Donald Trump, you might have heard, recently called Massachusetts Senator Elizabeth Warren “racist” for claiming her Native American heritage.

I believe the appropriate response to Trump can be expressed by a quote from The Princess Bride‘s Inigo Montoya: “You keep using that word. I do not think it means what you think it means.”

But it’s not just Trump who’s confused.

I’ve seen plenty of white people get upset about people of color referring to themselves as “people of color.” Some even insist that they, as white people, have a color too. It’s kind of a pinkish-peachy color that sometimes tans.

Well, from one pinkish-peachy person who tans sometimes to another, I have a few things to say.

Racism is often invisible to white people. Our society is set up that way. Sure, we notice it when somebody uses the N-word, or when there’s overt violence. We can spot racism when someone is denied entry to an exclusive club because they’re not white. But aside from that, it can be hard to notice.

white-makeup-racism

(Photo: Shutterstock)

Here’s an example. The other day I was in the makeup aisle of a grocery store. This store has clients and employees of all races, yet it only sold foundation in various shades of white and light brown skin tones.

It’s subtle, but it sends a message to black people: This store is not for you.

I’m sure the shop would say this wasn’t their intent. It probably never even crossed their minds that they were being exclusionary or making their store a less welcoming environment for some of their customers. But that’s the effect.

On its own, this is trivial. But it’s one example among thousands that people of color deal with day after day after day.

They also face much more serious problems.

For example, black men with no criminal record are less likely to get called back for a job interview than identically qualified white men with a criminal record. To employers, whether they admit it or not, being black is worse than being a criminal.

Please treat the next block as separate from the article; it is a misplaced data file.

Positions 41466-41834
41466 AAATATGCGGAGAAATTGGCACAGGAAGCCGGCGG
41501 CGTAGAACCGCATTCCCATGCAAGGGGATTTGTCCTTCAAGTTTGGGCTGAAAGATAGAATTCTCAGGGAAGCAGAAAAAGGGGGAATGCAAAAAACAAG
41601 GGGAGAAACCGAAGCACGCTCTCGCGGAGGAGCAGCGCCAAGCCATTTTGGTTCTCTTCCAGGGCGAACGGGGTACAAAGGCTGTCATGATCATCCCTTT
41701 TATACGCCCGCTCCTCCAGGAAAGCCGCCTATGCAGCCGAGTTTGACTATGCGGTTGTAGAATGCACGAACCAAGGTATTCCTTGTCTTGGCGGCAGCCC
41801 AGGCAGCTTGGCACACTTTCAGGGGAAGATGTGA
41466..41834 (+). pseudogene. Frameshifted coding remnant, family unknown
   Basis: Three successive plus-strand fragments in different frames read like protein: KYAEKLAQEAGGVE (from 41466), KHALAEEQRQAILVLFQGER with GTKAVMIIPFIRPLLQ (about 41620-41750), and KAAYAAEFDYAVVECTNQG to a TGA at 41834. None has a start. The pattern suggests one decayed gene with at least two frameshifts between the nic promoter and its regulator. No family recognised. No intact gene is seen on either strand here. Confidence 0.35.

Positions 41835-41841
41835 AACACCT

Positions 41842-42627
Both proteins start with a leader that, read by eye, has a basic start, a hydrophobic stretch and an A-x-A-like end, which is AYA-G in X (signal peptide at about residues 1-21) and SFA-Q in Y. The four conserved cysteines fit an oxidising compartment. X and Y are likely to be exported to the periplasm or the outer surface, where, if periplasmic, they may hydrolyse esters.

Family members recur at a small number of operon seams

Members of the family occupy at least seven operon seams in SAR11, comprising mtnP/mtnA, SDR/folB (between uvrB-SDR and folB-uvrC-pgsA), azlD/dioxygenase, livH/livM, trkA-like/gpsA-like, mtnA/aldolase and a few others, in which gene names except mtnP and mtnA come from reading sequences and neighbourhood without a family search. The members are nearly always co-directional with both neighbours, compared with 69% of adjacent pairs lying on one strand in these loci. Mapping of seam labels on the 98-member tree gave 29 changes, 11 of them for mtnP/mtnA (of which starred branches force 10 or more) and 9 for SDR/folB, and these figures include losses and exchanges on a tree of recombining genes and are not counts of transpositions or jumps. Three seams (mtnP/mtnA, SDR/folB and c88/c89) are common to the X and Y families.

Some hardships stem from historical oppression, from back when it was legal and even orchestrated by the government. Richard Rothstein traces how racist housing policies from the mid-20th century, for example, have left black people today with only 5 percent as much wealth as whites, despite making 60 percent as much income.

But racism hardly ended with Jim Crow or redlining. And much of it is sneakier — we may not even recognize it. This is called implicit bias, and almost all of us have it. Including me.

Those who say we should be “colorblind,” that we shouldn’t recognize race, are saying that we should pretend centuries of racial oppression never happened, sweep them under the rug, and move on.

Well, that’s not how you fix a problem.

As for whites who insist they count as “people of color” because they have a tan? Nobody ever discriminated against you because of your tan.

It’s not racist to say that people of color have different experiences from white people on account of their race, because it’s true. Everyone’s experiences are different, of course. But only people of color experience being “other” due to their race in a society in which whiteness is seen as the default.

Feeling like the “other” and sometimes facing outright discrimination or malice is a day-to-day affair for people of color — from shopping in stores that don’t sell makeup in their skin color to being the targets of racial slurs.

Healing our history of racism begins, for the vast majority of well-meaning white folks, with accepting that people of color have had experiences we know nothing about, and listening to them.

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Jill RichardsonBy

OtherWords columnist Jill Richardson is the author of Recipe for America: Why Our Food System Is Broken and What We Can Do to Fix ItOtherWords.org.